Kernel IP routing table
Destination     Gateway         Genmask...
default   *     

All the network addresses look like this: 192.168.100.x (or a.b.c.x, if the output was a.b.c.d). The DSL router address must not be assigned to any other device. I'll configure the Rasp Pi to use as a permanent address by configuring a static address in /etc/network/interfaces (Listing 3).

Listing 3


auto lo
iface lo inet loopback
iface eth0 inet dhcp
iface eth0 inet static
allow-hotplug wlan0
iface wlan0 inet manual
wpa-roam /etc/wpa_supplicant/wpa_supplicant.conf
iface default inet dhcp

Configuring NTP on the Rasp Pi

In the Raspbian image, which you can download from the Internet, NTP is already installed. However, if you want to use the Pi as a time server, you might want to change the different servers to the NTP pool defined in the config file. You need to edit the /etc/ntp.conf file and add servers to the NTP pool (see Listing 4).

Listing 4


# You do need to talk to an NTP server or two (or three).
# server ntp.your-provider.example
# maps to about 1000 low-stratum NTP servers.  Your server will
# pick a different set every time it starts up.  Please consider joining the
# pool:
#server iburst
#server iburst
#server iburst
server iburst
server iburst
server iburst
server iburst

You will find more information online [2]. In Listing 4, I have commented out the Debian time servers and added more servers in my home country to the NTP server pool.

I still need to negotiate a minor obstacle. If the IP address is retrieved via DHCP (which was the case until I convert to the static IP address), the time server configuration is not read from the /etc/ntp.conf file but from /var/lib/ntp/ntp.conf.dhcp. Things will stay this way as long as this file exists in the /var directory.

The time server registered in this file was the one assigned by the DHCP server, typically the address of the DSL server. First, make sure the static IP address is active (after changing /etc/network/interfaces, reboot your Rasp Pi – sudo init 6). Then, delete /var/lib/ntp/ntp.conf.dhcp, and again reboot your Rasp Pi. After a couple minutes, you can use the following:

ntpq -p

to check the configuration of the time server. The resulting output is shown in Listing 5.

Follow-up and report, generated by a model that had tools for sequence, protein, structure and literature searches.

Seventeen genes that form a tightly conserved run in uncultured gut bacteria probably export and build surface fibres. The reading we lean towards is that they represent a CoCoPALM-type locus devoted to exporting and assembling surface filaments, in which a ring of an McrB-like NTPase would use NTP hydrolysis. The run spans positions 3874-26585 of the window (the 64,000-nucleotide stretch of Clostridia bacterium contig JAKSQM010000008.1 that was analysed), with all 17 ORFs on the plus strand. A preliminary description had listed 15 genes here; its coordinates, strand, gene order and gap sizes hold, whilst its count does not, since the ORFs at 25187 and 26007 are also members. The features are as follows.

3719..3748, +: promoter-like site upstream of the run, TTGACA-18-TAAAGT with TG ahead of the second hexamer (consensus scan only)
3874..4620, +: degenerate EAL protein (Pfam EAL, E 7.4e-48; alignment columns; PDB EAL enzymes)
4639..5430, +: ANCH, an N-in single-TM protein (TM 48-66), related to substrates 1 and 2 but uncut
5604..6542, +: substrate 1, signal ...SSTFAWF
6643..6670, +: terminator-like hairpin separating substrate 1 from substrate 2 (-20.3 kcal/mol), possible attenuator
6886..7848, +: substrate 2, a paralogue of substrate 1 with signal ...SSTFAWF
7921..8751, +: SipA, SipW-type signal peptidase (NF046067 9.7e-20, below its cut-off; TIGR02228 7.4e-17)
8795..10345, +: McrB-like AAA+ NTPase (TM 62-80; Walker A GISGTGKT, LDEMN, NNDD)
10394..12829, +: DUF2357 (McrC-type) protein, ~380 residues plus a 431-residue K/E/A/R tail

Listing 5

Time Server Configuration

fritz@raspberrypi ~ $ ntpq -p
     remote           refid      st t when poll reach   delay   offset  jitter
============================================================================== .PPS.            1 u   41   64    1   79.383   -0.553   1.211
+    2 u    5   64    1   11.553   -1.133   1.247
*stratum2-4.NTP.    2 u    9   64    1   17.939   -1.059   0.146
-ntp.uni-oldenbu   2 u   40   64    1   24.178   -0.018   0.811

Installing the Name Server

The Bind9 (Berkeley Internet name service) package is responsible for name resolution. Bind9 is pretty easy to install with apt-get. You need to make sure your Rasp Pi has a large enough SD card (4GB or more, or preferably 16GB). Additionally, you should install the DNS-utils to provide useful commands, such as nslookup and dig. A check with nslookup shows that the Rasp Pi is still using the DSL server as its master, so I need to modify /etc/resolv.conf. You can find directories of free name server addresses online. For my locale, I found name servers through sites such as or I can then enter these name servers in the /etc/resolv.conf file (Listing 6).

Listing 6

Configuring resolv.conf


Buy this article as PDF

Express-Checkout as PDF
Price $2.95
(incl. VAT)

Buy Linux Magazine

Get it on Google Play

US / Canada

Get it on Google Play

UK / Australia

Related content

  • Bind 10 Test Drive

    Admins have waited all of five years for the 10th major release of the Bind name server, which appeared at the end of March this year. The latest release is a complete rewrite of the DNS server, with a modular design and new configuration tools, but is it ready for business?


    Some Internet exploits target name resolution servers. DNSSEC uses cryptography to protect the name resolution service.

  • Intrusion Detection

    The Prelude security information management system receives both host- and network-based IDS messages and displays them in an easy web interface. We show you how to set it up.

  • LTSP

    The Linux Terminal Server Project offers a comprehensive approach to terminal services in Linux, including easy access to local sound cards, printers, and USB sticks.

  • Dnsmasq

    Dnsmasq is a practical alternative for DNS on a small scale.

comments powered by Disqus
Subscribe to our Linux Newsletters
Find Linux and Open Source Jobs
Subscribe to our ADMIN Newsletters

Support Our Work

Linux Magazine content is made possible with support from readers like you. Please consider contributing when you’ve found an article to be beneficial.

Learn More